First things first. Democracy means a situation where everybody can voice their concerns about what is going on and where decisions are made in a collective manner, after anyone who cared to had access to all information pertinent to the decisions that had to be made.
In this, theoretic, context ‘popular’ adds absolutely nothing.
In reality ‘popular’ was a window dressing for ‘the population doesn’t know what’s good for it so we, the communists, have to guide it’. Exactly as Marx had explained in the Communist Manifesto. “The Communists, therefore, are on the one hand, practically, the most advanced and resolute section of the working-class parties of every country, that section which pushes forward all others; on the other hand, theoretically, they have over the great mass of the proletariat the advantage of clearly understanding the line of march, the conditions, and the ultimate general results of the proletarian movement.”

Secondly, but not a iota less important, liberty and anarchy are antithetic terms.
Anarchy is absolutely natural. As natural as water boiling in a kettle. It is impossible to say which drop would ‘burst’ first in a bubble and which would be the last to transition from liquid to gas. OK, if you have a mixture of water and alcohol the latter will boil first and the water later but this would happen only if the sill is heated gradually. If the heat source is too strong, a.k.a. ‘uncontrolled’, the process of distillation becomes ‘anarchic’ and the result is lousy – to say the least. In ‘human terms’ this would translate into a ‘dog eats dog’ situation where things become very quickly aligned along a uni-dimensional criterion – usually ‘brute’ force used in a most callous way.
By the way, this is a second ‘connection’ between these two concepts.
‘Popular democracies’, and dictatorships in general, are eroded by the same dissolving force that would cause any anarchic situation to implode – the most callous and less principled members of the group eventually gain absolute control over the rest, only the process takes longer in a dictatorship.

My point being that dictators are constantly being challenged. Both from within and from outside. It is seldom that a dictatorship passes through all its fazes – like Romania’s communist regime did, or Cambodia’s. Usually at some point a group of people understands what’s going on and try to do something about it. For instance what happened in Russia during Perestroika.
Yes, that could have had better results but just imagine Russia going down to the same depths Romania has probed almost 30 years ago. When most (actually non)public offices were held by incompetent nincompoops whose only goal was to prolong their survival by serving their demented master. Could you have slept at night knowing that Russia’s nuclear arsenal was being managed by such idiots?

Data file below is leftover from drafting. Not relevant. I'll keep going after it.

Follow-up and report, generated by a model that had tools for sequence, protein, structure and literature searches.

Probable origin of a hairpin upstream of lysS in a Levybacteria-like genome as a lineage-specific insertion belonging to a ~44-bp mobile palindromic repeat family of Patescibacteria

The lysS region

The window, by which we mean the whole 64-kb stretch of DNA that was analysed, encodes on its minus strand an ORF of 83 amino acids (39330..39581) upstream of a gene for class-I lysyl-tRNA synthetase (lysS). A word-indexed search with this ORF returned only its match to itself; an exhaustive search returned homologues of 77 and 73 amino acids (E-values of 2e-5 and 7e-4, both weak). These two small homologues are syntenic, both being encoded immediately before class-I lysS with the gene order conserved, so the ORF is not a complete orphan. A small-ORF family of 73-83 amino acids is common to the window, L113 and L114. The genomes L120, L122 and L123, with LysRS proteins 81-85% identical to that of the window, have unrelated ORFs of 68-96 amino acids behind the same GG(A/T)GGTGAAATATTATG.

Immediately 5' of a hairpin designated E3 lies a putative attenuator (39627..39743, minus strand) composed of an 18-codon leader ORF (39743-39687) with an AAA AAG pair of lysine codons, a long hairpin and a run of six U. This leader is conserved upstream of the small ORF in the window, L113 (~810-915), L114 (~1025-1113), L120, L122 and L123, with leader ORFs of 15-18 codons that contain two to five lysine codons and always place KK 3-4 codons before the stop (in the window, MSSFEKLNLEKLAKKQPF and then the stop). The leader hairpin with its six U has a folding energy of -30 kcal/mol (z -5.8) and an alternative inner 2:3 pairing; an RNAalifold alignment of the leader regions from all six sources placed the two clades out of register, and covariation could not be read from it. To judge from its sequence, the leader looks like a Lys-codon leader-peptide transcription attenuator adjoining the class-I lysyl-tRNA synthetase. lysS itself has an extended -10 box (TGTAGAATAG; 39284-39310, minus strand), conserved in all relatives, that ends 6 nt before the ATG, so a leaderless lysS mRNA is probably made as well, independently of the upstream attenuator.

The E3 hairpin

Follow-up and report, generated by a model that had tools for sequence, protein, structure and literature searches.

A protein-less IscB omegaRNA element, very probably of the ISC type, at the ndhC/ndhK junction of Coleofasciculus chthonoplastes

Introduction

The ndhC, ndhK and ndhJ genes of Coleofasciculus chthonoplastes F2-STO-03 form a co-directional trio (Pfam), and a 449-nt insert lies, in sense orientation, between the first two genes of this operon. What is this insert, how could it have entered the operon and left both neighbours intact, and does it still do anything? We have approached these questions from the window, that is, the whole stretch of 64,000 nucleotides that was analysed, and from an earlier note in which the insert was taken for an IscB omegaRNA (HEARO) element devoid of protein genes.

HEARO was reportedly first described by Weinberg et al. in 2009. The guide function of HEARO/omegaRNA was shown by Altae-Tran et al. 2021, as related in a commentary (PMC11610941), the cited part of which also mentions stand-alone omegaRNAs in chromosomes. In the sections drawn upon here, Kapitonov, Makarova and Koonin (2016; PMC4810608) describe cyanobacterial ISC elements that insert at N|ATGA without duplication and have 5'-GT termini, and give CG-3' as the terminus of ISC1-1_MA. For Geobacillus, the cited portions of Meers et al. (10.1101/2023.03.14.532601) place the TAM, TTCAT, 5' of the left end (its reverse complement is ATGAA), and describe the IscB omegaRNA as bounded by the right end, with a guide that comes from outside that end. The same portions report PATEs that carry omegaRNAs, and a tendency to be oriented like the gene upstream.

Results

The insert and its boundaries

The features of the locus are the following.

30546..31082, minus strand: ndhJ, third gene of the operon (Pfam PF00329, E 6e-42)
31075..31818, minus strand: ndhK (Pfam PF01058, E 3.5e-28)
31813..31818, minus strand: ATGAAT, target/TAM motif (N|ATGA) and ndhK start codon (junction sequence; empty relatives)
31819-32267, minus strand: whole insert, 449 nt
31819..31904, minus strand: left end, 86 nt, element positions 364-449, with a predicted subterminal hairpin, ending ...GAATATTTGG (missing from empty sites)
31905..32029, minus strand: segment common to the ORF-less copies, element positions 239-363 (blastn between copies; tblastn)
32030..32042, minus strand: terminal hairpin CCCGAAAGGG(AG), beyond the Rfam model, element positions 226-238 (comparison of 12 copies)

Most dictatorships are being ‘weighted down’ by tradition and cultural norms. A dictator needs some time before they can do what they want and they can almost never accomplish all that they would like to. Good or bad.

On the contrary, in a truly anarchic situation – when no rules are observed anymore, except for ‘he who has the biggest fist prevails’, of course – things degenerate very fast. And need a lot more time to get back on track.
Like what happened during the French Revolution. When “the Revolutionary government (the ‘big fisted’ guys of the moment) decided to make “Terror” the order of the day (September 5 decree) and to take harsh measures against those suspected of being enemies of the Revolution (nobles, priests, hoarders). In Paris a wave of executions followed. In the provinces, representatives on mission and surveillance committees instituted local terrors. The Terror had an economic side embodied in the Maximum, a price-control measure demanded by the lower classes of Paris, and a religious side that was embodied in the program of de-Christianization pursued by the followers of Jacques Hébert.”

You might be wondering how come that such a generous concept like ‘let’s treat the workers fairly’ was high jacked into the horrors of communism and whether the same rationale could be extended to predict what a libertarian-anarchist society might (d)evolve into.
The way I see it people’s imagination is huge. A lot of things that might seem bland to ordinary eyes are perceived as resources by ‘crafty’ people and a lot of situations that seem helpless, or even desperate, to normal human beings are seen as very good opportunities by those adept at fishing in troubled waters.

It’s exactly the individuals where this kind of ‘craftsmanship’ is associated with ‘moral lassitude’ who would spare no effort in their attempt to make the’ best’ of the opportunities present in a country being run in an authoritarian manner or during an anarchic situation.

For this kind of guys it doesn’t matter whether the ancient regime was toppled by some socialist utopian (for instance Kerensky in Russia or Dr. Sun Yat-sen in China) or by a bona fide dictator (like, for example, Jorge Rafael Videla of Argentina under whose regime some 10 000 to 30 000 people have been ‘disappeared’ by the authorities). Or whether the anarchic situation has been a consequence of regimes imploding from within (pre-revolutionary France, communist Russia, yesterday day Libya) or being unsettled by  sloppy outside interventions  (Afghanistan and Iraq)